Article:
Windows Performance Analyzer “WPA” Intro
If you do a search online for WPA, you might find information for protecting your Wi-Fi, but that is a different type of WPA.
In the performance & diagnostics space WPA stands for Windows Performance Analyzer, a friendly but intricate UI that allows for developers and analyst to deep dive into performance traces captured on Windows (and beyond…but more on that in a future post 😊). Its great for discovering why CPU utilization is high? How much memory is being used in the system per process? Why does WPA itself use so much memory?
WPA has siblings that help record traces on Windows, Windows Performance Recorder (aka WPR) and XPerf. All these tools are available in the Windows Performance Toolkit (WPT), can be fetched directly from the Windows Software Development Kit or Windows Assessment and Deployment Kit. If you would just like to use WPA and your running on Windows 10, you can fetch it directly from the Microsoft Store.
Since the paragraph above just listed a bunch of acronyms, might be good to have a cheat sheet:
- WPR – Windows Performance Recorder Command-line application
- WPA – Windows Performance Analyzer
- WPT – Windows Performance Toolkit
- SDK – Software Development Kit
- ADK – Assessments and Deployment Kit
We hope that this blog and future posts help engineers, analyst, or anyone interested in performance/diagnostic data understand how to better understand our tooling platform
- Software engineer who wants to diagnose his/her apps or drivers.
- Program manager who wants to profile performance of apps or drivers.
- Testers who wants to measure performance of apps or drivers.
- Someone who likes to poke around new tools.
Before we get started using WPA, you may want to check out the WPR Intro blog post.
WPA by default creates a “Getting Started” tab. Here you can learn about basics such as how to drag and drop graphs, configure presets, etc. We will cover some of these concepts in this intro.
Let’s go ahead and load up a trace by going to File -> Open, WPA will then process the trace and display the available tables in the ‘Graph Explorer’. The ‘Graph Explorer’ consists of a few different categories, each category contains a Key Performance Indicator (KPI) which represents the type of graph and table data that is available.
By dragging and dropping a graph to the analysis view, we can get a more detailed view of the table data. Multiple graphs can be dropped into an analysis view, the timelines will be sync between them. By default, each dropped item will be in Graph and Table mode, where Graphs represent the primary way to visualize and tables detail the recorded data in a tabular form.
Graphs can have many different configuration modes depending on the table configuration:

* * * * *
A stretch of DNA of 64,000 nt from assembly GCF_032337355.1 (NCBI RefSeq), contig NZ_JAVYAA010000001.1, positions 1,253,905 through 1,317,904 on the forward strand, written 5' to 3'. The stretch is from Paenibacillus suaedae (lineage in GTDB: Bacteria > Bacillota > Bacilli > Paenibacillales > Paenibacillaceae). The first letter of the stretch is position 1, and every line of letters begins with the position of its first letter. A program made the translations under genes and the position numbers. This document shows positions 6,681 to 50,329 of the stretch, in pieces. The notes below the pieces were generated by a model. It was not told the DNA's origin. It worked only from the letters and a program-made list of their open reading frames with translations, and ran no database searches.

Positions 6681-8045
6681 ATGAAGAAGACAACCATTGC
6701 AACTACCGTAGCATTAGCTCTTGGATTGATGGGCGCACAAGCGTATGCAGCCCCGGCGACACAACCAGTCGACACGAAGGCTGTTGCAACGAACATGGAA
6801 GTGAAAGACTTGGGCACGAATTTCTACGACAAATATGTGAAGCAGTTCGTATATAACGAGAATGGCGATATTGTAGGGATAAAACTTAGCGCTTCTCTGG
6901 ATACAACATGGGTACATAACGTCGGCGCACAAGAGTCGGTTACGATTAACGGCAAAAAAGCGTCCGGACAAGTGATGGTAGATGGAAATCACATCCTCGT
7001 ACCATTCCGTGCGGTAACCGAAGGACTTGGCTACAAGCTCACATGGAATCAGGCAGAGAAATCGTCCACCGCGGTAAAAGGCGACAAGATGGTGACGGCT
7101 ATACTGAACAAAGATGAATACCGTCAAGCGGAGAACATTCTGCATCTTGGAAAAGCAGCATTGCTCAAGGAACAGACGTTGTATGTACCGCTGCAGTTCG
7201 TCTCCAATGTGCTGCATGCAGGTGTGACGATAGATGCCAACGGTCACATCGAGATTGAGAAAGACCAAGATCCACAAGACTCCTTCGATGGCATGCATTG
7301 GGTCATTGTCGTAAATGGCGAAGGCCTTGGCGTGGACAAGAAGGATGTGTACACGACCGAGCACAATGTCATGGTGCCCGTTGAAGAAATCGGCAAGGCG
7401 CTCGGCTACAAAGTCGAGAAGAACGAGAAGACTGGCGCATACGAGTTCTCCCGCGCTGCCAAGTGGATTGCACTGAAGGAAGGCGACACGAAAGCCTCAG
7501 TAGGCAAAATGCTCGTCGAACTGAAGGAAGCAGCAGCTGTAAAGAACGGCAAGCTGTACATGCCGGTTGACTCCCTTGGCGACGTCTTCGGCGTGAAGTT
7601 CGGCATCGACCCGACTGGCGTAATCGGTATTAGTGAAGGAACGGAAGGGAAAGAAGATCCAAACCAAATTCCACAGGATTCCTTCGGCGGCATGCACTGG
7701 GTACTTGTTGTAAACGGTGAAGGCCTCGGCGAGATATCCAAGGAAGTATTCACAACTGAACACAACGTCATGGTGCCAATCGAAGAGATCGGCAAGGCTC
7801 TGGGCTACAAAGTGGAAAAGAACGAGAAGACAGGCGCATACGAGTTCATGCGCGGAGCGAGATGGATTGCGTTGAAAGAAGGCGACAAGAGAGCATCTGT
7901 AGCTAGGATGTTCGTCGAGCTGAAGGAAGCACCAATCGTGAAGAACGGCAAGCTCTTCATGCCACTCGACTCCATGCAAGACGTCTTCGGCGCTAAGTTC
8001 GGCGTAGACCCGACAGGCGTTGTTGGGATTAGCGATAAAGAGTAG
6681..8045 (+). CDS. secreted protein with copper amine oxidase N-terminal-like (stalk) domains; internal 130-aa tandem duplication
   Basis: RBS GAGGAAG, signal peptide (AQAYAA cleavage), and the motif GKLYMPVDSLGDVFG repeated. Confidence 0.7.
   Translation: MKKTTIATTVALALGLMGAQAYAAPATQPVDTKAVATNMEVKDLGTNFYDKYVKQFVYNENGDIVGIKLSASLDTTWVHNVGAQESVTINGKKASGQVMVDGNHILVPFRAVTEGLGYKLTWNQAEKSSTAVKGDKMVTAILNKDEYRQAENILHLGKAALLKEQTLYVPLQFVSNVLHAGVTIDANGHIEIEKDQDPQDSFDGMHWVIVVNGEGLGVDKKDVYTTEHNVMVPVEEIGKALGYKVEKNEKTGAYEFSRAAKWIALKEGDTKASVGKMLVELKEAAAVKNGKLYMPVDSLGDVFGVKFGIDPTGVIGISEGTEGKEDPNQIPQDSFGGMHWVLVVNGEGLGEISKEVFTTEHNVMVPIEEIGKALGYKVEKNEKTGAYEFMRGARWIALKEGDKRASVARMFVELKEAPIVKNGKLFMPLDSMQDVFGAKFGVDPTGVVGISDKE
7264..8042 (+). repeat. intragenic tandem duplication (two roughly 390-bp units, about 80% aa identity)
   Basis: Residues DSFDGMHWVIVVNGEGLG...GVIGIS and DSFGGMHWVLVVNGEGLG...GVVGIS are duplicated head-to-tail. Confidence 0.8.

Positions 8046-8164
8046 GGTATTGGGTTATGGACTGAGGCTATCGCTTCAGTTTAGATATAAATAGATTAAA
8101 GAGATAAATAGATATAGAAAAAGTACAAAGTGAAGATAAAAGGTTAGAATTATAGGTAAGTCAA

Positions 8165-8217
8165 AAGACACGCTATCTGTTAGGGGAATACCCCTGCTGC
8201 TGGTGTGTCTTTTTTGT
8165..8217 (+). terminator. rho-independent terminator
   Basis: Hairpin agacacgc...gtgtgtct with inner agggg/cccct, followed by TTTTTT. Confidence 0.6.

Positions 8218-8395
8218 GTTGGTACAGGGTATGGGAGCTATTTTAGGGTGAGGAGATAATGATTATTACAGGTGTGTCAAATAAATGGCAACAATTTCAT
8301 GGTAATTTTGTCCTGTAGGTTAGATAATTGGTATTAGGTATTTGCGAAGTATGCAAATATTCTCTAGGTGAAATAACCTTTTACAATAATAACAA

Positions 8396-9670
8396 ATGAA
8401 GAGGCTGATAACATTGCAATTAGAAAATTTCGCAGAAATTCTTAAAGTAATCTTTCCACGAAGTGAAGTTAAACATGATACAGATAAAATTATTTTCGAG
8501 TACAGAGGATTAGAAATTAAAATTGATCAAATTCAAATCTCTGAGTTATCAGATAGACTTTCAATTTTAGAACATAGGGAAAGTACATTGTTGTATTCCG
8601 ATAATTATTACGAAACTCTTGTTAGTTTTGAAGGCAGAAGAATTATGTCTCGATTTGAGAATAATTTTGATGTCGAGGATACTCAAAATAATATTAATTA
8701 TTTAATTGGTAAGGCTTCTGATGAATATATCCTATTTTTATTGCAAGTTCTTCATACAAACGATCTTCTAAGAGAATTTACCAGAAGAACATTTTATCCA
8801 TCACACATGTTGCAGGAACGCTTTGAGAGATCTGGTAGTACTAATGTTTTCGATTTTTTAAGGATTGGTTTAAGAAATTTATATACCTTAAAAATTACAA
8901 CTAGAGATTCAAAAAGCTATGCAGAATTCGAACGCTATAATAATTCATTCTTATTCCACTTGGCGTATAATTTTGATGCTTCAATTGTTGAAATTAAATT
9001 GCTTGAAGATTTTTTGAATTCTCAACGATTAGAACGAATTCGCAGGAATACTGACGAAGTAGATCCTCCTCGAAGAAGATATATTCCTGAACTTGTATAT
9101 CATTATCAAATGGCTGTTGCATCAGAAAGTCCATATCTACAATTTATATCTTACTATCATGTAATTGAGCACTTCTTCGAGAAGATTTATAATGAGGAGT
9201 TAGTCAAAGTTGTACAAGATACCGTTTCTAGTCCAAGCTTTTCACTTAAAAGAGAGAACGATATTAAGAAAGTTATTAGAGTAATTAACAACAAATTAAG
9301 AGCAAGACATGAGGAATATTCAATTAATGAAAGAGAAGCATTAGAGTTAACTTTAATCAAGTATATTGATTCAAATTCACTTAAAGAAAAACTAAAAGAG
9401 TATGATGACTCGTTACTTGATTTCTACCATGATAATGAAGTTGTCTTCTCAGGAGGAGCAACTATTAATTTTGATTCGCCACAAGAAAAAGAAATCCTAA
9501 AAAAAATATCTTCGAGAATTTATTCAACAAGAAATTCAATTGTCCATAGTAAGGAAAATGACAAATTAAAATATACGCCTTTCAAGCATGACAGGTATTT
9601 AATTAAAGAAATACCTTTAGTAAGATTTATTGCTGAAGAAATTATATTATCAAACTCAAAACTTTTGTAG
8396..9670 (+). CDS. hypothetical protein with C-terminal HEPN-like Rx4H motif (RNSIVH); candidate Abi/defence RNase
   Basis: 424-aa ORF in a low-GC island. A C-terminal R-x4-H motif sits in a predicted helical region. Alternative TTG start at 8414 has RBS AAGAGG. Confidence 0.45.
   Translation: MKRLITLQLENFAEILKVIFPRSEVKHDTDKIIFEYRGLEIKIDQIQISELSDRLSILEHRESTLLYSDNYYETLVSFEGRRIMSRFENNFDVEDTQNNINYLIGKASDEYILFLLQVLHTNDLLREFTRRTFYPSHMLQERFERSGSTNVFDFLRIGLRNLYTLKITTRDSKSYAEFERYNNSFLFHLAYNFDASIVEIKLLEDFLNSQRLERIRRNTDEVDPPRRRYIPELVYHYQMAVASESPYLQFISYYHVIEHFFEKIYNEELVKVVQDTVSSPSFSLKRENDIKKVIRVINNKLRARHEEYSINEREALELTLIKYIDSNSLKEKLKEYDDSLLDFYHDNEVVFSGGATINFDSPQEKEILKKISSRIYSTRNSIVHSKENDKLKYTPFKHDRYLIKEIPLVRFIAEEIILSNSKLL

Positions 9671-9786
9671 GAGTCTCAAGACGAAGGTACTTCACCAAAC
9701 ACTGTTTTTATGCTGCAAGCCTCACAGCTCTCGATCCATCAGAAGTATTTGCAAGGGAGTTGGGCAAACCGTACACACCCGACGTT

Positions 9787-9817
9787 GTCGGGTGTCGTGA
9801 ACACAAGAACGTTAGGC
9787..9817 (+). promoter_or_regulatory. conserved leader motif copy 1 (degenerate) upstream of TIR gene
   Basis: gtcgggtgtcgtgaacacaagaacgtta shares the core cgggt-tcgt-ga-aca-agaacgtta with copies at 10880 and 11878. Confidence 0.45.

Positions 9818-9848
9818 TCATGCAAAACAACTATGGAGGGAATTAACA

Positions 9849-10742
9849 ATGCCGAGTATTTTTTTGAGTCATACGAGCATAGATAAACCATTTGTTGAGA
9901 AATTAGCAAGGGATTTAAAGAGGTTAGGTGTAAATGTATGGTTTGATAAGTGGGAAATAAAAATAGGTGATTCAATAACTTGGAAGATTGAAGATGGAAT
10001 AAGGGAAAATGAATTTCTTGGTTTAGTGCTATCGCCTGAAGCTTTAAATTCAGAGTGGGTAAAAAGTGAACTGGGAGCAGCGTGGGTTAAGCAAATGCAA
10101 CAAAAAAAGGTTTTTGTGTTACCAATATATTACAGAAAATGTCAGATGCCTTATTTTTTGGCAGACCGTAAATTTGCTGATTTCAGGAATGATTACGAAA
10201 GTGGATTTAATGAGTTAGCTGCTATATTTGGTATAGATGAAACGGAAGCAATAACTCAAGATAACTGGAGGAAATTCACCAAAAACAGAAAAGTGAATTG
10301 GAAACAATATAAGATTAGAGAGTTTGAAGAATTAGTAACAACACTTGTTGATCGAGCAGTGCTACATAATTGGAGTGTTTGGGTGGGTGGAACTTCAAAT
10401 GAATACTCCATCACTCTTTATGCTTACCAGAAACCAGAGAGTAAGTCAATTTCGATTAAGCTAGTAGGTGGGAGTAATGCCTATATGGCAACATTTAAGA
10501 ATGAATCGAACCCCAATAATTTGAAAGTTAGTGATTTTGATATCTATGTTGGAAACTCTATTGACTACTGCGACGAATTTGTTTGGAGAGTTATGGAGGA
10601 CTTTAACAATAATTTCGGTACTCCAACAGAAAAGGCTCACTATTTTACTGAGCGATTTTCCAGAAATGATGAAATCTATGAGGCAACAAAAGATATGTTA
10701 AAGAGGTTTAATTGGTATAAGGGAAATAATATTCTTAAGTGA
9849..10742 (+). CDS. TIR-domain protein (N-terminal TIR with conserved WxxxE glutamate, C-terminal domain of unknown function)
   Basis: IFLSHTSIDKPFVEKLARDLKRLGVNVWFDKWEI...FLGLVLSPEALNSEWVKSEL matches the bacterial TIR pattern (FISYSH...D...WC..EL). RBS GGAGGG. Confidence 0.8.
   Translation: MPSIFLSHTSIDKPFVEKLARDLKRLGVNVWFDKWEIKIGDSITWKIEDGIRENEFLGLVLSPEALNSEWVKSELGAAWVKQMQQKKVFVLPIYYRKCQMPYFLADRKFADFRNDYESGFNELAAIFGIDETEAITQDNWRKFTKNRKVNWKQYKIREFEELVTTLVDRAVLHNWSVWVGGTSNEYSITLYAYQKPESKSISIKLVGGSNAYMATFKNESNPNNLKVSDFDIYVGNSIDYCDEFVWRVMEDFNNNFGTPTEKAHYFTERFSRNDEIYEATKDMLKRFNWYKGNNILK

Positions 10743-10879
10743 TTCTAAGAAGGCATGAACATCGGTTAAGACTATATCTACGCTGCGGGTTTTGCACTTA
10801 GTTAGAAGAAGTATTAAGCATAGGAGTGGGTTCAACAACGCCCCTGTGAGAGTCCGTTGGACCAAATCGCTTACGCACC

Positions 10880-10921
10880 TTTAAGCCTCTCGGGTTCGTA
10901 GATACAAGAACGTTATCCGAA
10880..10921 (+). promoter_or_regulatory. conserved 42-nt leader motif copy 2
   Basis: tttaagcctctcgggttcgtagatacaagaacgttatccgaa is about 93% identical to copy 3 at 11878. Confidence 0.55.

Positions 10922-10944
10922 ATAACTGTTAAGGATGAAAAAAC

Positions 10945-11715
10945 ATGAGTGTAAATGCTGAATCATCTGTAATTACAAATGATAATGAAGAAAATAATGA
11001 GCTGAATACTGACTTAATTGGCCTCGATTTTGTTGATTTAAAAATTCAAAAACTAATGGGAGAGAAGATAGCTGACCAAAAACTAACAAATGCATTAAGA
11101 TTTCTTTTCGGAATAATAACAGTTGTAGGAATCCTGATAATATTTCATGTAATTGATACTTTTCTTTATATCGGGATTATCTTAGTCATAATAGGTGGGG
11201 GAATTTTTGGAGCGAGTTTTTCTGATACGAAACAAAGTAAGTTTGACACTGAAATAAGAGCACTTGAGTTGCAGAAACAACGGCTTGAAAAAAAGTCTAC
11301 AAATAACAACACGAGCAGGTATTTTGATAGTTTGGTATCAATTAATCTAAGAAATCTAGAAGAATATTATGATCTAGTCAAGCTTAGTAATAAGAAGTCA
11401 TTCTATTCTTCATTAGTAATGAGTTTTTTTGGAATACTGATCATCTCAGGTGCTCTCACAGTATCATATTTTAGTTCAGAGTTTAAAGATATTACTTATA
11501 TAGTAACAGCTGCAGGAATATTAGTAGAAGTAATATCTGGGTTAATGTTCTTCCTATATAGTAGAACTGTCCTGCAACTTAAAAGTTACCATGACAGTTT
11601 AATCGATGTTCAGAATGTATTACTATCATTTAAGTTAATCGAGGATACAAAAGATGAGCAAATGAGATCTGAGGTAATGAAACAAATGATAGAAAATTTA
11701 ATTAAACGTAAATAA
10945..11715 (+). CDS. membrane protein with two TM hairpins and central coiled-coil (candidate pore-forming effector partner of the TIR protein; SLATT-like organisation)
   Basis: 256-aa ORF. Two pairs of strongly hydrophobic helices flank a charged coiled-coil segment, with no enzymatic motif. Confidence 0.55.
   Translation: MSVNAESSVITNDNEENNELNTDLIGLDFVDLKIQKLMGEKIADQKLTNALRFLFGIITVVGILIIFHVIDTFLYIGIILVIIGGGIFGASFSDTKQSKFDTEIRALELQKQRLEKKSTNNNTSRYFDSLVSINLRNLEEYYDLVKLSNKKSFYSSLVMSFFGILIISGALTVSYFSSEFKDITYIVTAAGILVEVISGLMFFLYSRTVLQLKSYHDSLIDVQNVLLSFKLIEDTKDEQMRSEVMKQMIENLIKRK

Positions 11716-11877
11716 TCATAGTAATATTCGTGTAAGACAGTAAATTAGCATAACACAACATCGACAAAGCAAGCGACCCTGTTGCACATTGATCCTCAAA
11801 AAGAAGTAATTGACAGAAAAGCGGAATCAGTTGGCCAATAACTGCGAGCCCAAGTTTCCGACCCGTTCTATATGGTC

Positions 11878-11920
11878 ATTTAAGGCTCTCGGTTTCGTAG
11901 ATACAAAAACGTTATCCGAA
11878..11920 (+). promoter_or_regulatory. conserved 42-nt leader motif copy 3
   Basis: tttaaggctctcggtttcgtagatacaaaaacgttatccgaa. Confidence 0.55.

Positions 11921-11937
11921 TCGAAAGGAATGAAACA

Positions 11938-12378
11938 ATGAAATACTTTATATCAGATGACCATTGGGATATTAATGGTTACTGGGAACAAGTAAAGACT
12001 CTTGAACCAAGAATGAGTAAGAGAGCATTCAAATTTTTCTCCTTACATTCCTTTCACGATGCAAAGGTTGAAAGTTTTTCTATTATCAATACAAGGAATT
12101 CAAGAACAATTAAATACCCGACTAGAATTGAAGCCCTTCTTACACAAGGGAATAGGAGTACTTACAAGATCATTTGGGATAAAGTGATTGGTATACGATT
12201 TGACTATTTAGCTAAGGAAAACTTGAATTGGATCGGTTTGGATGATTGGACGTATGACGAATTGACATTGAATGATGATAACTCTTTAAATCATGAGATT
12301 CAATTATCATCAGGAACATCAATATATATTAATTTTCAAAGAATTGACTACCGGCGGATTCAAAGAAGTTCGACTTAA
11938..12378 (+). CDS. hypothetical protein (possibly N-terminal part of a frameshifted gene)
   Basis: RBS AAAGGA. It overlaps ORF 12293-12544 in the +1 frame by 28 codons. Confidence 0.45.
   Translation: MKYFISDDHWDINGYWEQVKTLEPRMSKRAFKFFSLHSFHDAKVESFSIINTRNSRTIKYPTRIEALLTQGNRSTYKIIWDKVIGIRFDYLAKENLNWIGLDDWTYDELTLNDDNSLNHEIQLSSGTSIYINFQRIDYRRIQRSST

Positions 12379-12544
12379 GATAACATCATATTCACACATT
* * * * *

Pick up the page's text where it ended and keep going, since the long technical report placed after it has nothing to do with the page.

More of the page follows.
The data table is divided in a three areas: keys (grouping), data, and graphing:
The Keys area represents how we aggregate/group the data, when multiple rows have the same value for a column, we will group the data together. Multiple columns can be dropped (or configured via the View Editor) to the left the gold bar.
To learn more about the ‘Gold’ bar and aggregating, please see: MSDN WPA – Key Area
The data section between the Gold and Blue bar represents the aggregated value (if enabled on the column), or the row values if the group is expanded.
For example, using the ‘CPU Usage (Sampled)’ table, we can see the data columns:
Also, notice how the graph will highlight the areas when selecting a row in the table are in sync, data shown in the table will be what is graphed.
We briefly mentioned aggregation previously, each column can be configured for aggregation. In the previous image, notice ‘Count’, ‘Weight (in view)’, and ‘% Weight’ are configured with ‘Sum’ aggregation.
To change aggregation, simply right click on the column header:
Based on the configuration of the table, the graph will dynamically change. For example, using the CPU Usge (Sampled) graph/table, we can change the graphing column from ‘% Weight’ to ‘TimeStamp’ by dragging and dropping. Doing this will change the graph mode to ‘Gantt’, where each diamond represents the time the CPU sample occurred.
To learn more about graph configurations, please see: MSDN WPA – Graphing
Time Selection, Highlighting, & Zoom
WPA offers the ability to select time ranges and perform zoom operations. When selecting, the corresponding table data will also be selected.
Once an area has been selected (either by the graph or table), right clicking on the graph will give an option to Zoom into the specified time viewport.
Or, right clicking on the table will allow for filtering (and other operations) on the data.
We touched on a few basics today, but will be continuing the series focusing on different areas such as View Editor, Presets, Graph configurations, and beyond.